The literal meaning of the phrase “straight from the horse’s mouth” is “from the highest authority” or “from the original or most reliable source.” Its origin was in horse racing, as in "I got a tip yesterday, and if it wasn't straight from the horse's mouth, it was jolly well the next thing to it." Now, of course, the phrase is common in any context that requires assurance and certainty.
Does your email list contain email addresses straight from physicians’ mouths? It jolly well better.
First-Party Sourcing: An Email Non-Negotiable
There are plenty of reasons first-party sourcing—that is, only using email addresses physicians themselves have provided—is non-negotiable for health systems.
One frightening scenario all marketers face is for messages to end up in spam folders or lost somewhere in the internet ether because the email address itself does not exist, either due to an unintentional typo or because the address was manufactured. Even worse, your email service provider eventually gets flagged or blocked because you’re using dirty data.
Another situation specific to health systems marketing (and even more specific to healthcare recruiting) involves the potential risk of ignoring a physician’s preferred email address. Some physician lists are “assembled” by identifying the typical format of one doc’s email address (e.g. firstname.lastname@example.org) and then guessing other affiliated members’ addresses by applying their names to the same format, for example “email@example.com.” Health systems regularly assign email addresses to doctors and staff, so these might be valid email addresses in the fact that they do exist and can be delivered to an inbox. But, physicians don’t necessarily use them. In fact, quite often those emails are monitored by a department administrator or receptionist.
You can see how using guesswork could quickly go south, especially when a recruitment email should have gone to a physician’s personal email account but instead lands in an administrator’s lap.
Does your email list contain addresses straight from physicians’ mouths? It jolly well better.
How Sourcing Should Work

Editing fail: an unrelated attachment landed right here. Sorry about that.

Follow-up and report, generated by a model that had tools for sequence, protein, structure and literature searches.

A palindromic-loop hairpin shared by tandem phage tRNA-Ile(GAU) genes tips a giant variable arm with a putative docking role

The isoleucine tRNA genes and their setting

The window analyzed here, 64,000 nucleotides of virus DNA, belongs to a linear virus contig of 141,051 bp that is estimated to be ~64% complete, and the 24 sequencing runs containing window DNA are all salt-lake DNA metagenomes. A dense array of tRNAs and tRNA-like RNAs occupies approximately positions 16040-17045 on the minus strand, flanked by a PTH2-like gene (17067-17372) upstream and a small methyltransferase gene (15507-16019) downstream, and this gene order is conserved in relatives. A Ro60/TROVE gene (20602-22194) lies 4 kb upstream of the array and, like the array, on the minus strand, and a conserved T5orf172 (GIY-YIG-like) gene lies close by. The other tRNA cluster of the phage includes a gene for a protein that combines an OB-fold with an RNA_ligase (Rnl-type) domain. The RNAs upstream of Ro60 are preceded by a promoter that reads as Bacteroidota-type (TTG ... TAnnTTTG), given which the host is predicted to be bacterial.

Data companies throw around promises like “verified” and “validated,” but what do those terms really mean? If the data is to be trusted, verified and validated lists should be:
First-party sourced: Contact information comes directly (and voluntarily) from physicians.
Double opted in: This process piggybacks on the volunteer aspect of first-party sourcing. A second step, which DMD holds itself to as a standard, is the double opt-in. Physicians are given a chance to confirm their initial sign-up.
Authenticated: Email addresses are matched against lists such as the American Medical Association (AMA) Physician Masterfile and the National Provider Identifier (NPI) database to ensure they’re actual, true addresses attached to physicians, NPs, and PAs.
Audited: Similar to the authentication process, email addresses should be audited by BPA International, the leading data auditing service. With the BPA seal of approval, marketers can be confident they’re actually reaching exactly who they intended.
Verified: Email addresses can also be fully cleaned by undergoing domain verification, which is the practice of comparing the domain of an HCP's email address to his or her practice setting.
Updated daily: You may be surprised how quickly an email address can become null and void. Physicians change jobs, retire, and pass away. Using a list that updates every 24 hours guarantees you’re emailing active docs at the right address. It also protects you from sending bad emails, which as explained above, puts future deliverability in jeopardy.
All steps are crucial. For example, even if an email address was provided directly by a physician, typos happen. This progression of quality control can uncover and address any fast-finger mix-ups or other blips.
A Strong List Breeds Strong Physician Bonds
When you know exactly who you’re talking to, you can convey highly-individualized, value-based content that strengthens and solidifies hospital-physician relationships. A strong list breeds strong bonds. Alternatively, a weak one can tear them down. A comprehensive, trustworthy email list guarantees a strong foundation for improved physician engagement.